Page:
One of those was the school (Bowen High School) where I taught and was union delegate until I was suspended (February 1999) by Paul Vallas, later to be fired (August 2000) by a vote of the Chicago Board of Education for publishing the CASE (Chicago Academic Standards Examinations) tests in Substance and consistently opposing the use of high-stakes secret multiple choice so-called "standardized" tests for "accountability."

Part of that "accountability" in Chicago was that if your school was "failing" (as measured by the test scores; nothing else mattered) you were forced to buy an "external partner" (in the case of Bowen, Small Schools Workshop; headed by Mike and Bill).

Instead of joining in the critique of the use of so-called "standardized" tests for the corporate accountability attacks on public schools (and unions) in Chicago, Bill and Mike (and most of their colleagues at the University of Illinois at Chicago, as well as others at other Chicago colleges and universities) got on the gravy train, soaked up hundreds of thousands of dollars of CPS money every year, and came into the schools to tell veteran teachers how to "reform" the schools we had worked in for years, decades, and in some cases, generations.


A familiar refrain to NYC teachers.

I want to make it clear. What Ayres did in the 70's has no relevance here. We're more concerned what he did in the 90's and early years of this century in relation to the Chicago model of mayoral control/ed reform that is entering its 14th year and served as a model of the Bloomberg/Klein shakeup of NYC schools, with the destruction of teachers union influence by attacking unions as being the major obstruction to ed reform (see the debate between Linda and Lisa last week.)

So where did Ayres stand through those years? As supporters of small schools (I hear Klonsky's new book is a must read) one must also think of the consequences of how this movement is implemented. In other words, if you get your small schools going in a manner that results in the undermining of public education and teacher unions then where did you really stand? If you acted in a way that contributed to tearing down teachers and teacher unionism, then it's a duck because you quacked. As Mike Fiorillo calls it: political log-rolling.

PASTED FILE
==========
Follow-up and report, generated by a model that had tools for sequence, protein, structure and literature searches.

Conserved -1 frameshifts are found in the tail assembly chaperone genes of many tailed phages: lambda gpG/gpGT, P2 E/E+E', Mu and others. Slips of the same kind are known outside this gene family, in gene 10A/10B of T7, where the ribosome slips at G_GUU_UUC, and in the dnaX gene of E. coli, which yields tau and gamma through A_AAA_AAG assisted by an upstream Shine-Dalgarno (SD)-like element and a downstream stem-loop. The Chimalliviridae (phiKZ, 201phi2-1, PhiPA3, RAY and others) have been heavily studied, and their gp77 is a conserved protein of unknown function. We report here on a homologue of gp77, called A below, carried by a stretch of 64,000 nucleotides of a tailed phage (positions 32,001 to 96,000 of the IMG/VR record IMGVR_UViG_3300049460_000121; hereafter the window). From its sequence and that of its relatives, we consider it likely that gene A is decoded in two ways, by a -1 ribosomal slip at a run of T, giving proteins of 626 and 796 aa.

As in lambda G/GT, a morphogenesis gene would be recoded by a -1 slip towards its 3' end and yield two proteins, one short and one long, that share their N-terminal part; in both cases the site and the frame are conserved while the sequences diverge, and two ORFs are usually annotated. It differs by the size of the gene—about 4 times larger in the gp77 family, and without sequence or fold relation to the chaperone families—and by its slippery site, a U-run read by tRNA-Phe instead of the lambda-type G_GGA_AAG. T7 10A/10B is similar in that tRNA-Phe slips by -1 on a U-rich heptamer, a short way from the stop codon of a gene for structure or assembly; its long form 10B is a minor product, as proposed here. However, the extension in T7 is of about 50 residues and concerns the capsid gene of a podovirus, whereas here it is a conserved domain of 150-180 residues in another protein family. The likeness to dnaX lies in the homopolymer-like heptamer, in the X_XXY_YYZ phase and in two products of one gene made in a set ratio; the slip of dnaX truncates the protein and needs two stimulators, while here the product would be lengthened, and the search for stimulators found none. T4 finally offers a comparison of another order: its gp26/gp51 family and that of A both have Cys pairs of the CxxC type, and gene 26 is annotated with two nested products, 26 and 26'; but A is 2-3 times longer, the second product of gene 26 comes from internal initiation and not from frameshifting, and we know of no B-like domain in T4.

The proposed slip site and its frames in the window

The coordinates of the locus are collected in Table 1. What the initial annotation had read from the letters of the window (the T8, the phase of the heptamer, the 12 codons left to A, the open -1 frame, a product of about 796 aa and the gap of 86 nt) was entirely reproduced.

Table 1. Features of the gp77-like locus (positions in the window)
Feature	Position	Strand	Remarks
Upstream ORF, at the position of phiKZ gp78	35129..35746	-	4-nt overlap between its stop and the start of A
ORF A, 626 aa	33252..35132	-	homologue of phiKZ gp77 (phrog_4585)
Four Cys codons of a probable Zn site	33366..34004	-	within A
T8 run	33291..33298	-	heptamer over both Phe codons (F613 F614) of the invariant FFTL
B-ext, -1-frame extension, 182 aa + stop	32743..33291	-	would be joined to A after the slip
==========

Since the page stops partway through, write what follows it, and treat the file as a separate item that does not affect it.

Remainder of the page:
More from George Schmidt

I'm going to return to the details of the small schools activities in relation to corporate school reform in Chicago after November 4.

Suffice to say, a lot of people profited in the early days of "standards and accountability" here in Chicago and elsewhere, and among those were Chicago's small schools advocates. The fact that the process continued under George W. Bush and No Child Left Behind after 2001-2002 does not wipe out the history between 1995, when Chicago got mayoral control, and 2001, when the Republicans became dominant nationally.

The "ownership society" is in ways a distraction from the neoliberal project that was well on its way via "housing reform," "welfare reform", and "school reform" by the year that Bush defeated Al Gore for President. And the people who supported and profited from the teacher bashing, union busting, and other activities of corporate school reform in Chicago between 1995 and 2001 included Mike Klonsky and Bill Ayers.

I agree with Mike Klonsky about one thing. The stuff from 1968 to around 1976 is mostly irrelevant (except perhaps some of the origins of the myths of "small" as a solution to massively segregated urban school systems).